“Thank you: so I am bringing Charles up badly!”

“I did not say that: but you will always have excellent reasons for keeping him at home.”

Here the vous becomes reciprocal and the discussion takes a bitter turn on both sides. Your wife is very willing to wound you by saying vous, but she feels cross when it becomes mutual.

“The long and the short of it is that you want to get my child away, you find that he is between us, you are jealous of your son, you want to tyrannize over me at your ease, and you sacrifice your boy! Oh, I am smart enough to see through you!”

“You make me out like Abraham with his knife! One would think there were no such things as schools! So the schools are empty; nobody sends their children to school!”

“You are trying to make me appear ridiculous,” she retorts. “I know that there are schools well enough, but people don’t send boys of six there, and Charles shall not start now.”

“Don’t get angry, my dear.”

“As if I ever get angry! I am a woman and know how to suffer in silence.”

“Come, let us reason together.”

“You have talked nonsense enough.”

“It is time that Charles should learn to read and write; later in life, he will find difficulties sufficient to disgust him.”

Here, you talk for ten minutes without interruption, and you close with an appealing “Well?” armed with an intonation which suggests an interrogation point of the most crooked kind.

“Well!” she replies, “it is not yet time for Charles to go to school.”

You have gained nothing at all.

“But, my dear, Monsieur Deschars certainly sent his little Julius to school at six years. Go and examine the schools and you will find lots of little boys of six there.”

You talk for ten minutes more without the slightest interruption, and then you ejaculate another “Well?”

“Little Julius Deschars came home with chilblains,” she says.

“But Charles has chilblains here.”

“Never,” she replies, proudly.

In a quarter of an hour, the main question is blocked by a side discussion on this point: “Has Charles had chilblains or not?”

You bandy contradictory allegations; you no longer believe each other; you must appeal to a third party.

Axiom.

Every household has its Court of Appeals which takes no notice of the merits, but judges matters of form only.

The nurse is sent for. She comes, and decides in favor of your wife. It is fully decided that Charles has never had chilblains.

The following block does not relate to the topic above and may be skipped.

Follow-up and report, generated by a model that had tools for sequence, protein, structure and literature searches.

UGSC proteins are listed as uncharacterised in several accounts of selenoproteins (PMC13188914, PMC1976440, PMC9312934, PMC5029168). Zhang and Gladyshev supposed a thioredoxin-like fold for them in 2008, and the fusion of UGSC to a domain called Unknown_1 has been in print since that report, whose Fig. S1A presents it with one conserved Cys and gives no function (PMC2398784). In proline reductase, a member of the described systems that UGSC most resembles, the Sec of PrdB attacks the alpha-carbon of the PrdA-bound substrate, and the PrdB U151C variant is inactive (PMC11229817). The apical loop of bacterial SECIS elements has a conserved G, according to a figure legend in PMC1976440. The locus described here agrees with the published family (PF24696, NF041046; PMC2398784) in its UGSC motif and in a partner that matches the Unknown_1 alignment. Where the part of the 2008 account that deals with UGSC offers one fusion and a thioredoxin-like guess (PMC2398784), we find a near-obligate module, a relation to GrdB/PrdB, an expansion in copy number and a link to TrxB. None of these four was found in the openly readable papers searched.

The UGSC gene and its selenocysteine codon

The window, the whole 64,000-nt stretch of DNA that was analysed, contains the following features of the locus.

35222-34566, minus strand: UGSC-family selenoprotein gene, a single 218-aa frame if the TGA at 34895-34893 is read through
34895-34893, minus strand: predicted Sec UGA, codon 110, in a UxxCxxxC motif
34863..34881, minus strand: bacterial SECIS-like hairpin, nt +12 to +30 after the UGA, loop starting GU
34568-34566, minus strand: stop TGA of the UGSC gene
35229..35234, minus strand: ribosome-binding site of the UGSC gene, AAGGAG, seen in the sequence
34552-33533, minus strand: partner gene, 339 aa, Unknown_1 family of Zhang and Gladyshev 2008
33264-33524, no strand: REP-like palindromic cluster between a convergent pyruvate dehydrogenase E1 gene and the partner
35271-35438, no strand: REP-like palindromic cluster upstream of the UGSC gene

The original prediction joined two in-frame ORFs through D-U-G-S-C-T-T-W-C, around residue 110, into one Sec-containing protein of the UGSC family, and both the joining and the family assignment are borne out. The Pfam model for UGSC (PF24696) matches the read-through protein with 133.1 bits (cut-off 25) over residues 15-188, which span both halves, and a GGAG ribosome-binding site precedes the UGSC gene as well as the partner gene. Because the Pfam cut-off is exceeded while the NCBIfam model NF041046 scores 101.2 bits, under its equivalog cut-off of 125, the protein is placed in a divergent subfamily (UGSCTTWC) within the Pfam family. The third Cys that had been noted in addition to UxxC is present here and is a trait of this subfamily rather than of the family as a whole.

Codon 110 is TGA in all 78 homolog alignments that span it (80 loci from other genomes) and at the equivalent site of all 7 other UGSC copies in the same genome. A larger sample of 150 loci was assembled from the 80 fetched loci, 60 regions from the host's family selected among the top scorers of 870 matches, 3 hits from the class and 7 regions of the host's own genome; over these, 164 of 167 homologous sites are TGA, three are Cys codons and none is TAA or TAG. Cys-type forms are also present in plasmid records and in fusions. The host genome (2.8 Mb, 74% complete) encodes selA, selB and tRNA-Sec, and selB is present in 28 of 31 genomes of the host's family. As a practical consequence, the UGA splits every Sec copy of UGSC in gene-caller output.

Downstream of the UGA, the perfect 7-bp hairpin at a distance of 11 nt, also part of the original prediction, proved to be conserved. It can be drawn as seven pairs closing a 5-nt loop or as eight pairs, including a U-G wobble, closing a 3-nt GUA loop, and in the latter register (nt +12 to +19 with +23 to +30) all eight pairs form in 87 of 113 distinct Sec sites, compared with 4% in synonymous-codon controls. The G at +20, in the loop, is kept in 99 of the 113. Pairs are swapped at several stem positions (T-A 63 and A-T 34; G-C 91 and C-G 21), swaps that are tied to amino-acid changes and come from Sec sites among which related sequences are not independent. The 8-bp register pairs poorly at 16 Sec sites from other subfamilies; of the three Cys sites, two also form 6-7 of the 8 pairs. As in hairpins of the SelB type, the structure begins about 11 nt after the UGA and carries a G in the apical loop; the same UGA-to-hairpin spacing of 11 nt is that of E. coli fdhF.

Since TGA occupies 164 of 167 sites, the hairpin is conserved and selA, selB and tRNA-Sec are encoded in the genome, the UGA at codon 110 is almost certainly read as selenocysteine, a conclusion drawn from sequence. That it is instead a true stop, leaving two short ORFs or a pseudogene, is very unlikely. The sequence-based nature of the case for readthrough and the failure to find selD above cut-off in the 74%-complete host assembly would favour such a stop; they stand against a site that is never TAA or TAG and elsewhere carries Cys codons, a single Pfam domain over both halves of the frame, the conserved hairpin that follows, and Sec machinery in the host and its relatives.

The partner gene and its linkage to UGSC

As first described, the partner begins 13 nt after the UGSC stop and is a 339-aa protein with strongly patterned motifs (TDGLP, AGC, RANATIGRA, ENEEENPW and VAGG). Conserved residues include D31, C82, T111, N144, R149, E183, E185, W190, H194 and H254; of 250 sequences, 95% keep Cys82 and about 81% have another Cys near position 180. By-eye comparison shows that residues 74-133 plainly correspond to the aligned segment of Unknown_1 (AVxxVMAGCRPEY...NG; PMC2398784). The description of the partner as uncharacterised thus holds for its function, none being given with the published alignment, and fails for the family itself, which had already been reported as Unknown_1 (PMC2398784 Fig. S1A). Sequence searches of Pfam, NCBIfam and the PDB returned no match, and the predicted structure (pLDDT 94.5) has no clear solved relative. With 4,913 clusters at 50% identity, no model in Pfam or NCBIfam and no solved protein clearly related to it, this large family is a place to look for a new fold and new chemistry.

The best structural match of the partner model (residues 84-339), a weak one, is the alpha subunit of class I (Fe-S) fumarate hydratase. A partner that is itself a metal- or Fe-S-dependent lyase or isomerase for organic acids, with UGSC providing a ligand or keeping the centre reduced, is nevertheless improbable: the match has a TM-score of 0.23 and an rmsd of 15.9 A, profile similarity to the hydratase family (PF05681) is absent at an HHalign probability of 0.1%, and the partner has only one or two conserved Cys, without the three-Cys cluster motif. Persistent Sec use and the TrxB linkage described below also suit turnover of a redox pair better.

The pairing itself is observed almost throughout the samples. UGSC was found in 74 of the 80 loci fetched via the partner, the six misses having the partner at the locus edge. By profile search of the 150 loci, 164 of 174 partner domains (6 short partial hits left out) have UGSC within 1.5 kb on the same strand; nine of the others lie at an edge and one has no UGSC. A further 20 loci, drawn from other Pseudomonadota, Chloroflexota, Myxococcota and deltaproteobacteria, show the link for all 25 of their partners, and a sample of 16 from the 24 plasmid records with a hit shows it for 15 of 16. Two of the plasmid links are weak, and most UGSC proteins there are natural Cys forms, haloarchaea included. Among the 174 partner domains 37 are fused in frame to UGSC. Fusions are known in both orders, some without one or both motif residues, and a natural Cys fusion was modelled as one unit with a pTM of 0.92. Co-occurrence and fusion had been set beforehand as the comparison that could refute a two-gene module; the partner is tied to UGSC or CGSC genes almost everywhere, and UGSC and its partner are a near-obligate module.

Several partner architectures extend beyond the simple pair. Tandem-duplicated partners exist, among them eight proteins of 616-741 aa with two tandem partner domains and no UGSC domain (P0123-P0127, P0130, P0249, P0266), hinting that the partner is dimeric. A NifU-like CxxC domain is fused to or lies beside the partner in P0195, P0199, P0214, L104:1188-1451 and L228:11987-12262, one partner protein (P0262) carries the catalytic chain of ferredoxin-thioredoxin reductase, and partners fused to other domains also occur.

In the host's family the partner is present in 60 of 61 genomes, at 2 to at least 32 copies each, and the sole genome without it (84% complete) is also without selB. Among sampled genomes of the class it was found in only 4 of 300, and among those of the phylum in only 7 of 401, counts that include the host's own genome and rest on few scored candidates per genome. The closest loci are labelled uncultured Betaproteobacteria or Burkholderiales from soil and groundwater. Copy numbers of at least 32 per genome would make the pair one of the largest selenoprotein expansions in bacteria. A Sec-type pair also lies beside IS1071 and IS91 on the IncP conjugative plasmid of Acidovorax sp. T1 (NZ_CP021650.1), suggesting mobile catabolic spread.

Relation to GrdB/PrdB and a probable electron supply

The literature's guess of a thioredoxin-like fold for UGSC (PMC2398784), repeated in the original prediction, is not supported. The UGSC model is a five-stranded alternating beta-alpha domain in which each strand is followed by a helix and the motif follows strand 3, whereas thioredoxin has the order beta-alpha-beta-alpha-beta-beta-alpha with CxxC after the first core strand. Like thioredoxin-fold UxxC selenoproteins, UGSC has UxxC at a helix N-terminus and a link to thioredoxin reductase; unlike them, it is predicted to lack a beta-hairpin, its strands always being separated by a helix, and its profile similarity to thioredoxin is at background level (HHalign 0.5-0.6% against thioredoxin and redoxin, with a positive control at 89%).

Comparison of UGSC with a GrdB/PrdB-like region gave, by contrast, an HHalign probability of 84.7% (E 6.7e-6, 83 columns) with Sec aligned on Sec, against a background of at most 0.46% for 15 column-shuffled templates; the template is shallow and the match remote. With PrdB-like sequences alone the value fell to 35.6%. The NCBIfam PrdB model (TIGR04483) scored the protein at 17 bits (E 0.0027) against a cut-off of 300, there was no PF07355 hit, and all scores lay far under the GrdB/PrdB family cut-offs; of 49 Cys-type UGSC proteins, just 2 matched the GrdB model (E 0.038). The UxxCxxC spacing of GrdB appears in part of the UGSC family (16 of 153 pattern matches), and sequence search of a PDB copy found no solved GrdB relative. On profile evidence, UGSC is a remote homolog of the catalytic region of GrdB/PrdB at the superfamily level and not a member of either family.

Caroline glances triumphantly at you and utters these monstrous words: “There, you see Charles can’t possibly go to school!”

You go out breathless with rage. There is no earthly means of convincing your wife that there is not the slightest reason for your son’s not going to school in the fact that he has never had chilblains.

That evening, after dinner, you hear this atrocious creature finishing a long conversation with a woman with these words: “He wanted to send Charles to school, but I made him see that he would have to wait.”

Some husbands, at a conjuncture like this, burst out before everybody; their wives take their revenge six weeks later, but the husbands gain this by it, that Charles is sent to school the very day he gets into any mischief. Other husbands break the crockery, and keep their rage to themselves. The knowing ones say nothing and bide their time.

A woman’s logic is exhibited in this way upon the slightest occasion, about a promenade or the proper place to put a sofa. This logic is extremely simple, inasmuch as it consists in never expressing but one idea, that which contains the expression of their will. Like everything pertaining to female nature, this system may be resolved into two algebraic terms—­Yes: no. There are also certain little movements of the head which mean so much that they may take the place of either.

Honoré de Balzac (1799-1850), Petty troubles of married life. Transl. from the French by Katharine Prescott Wormeley.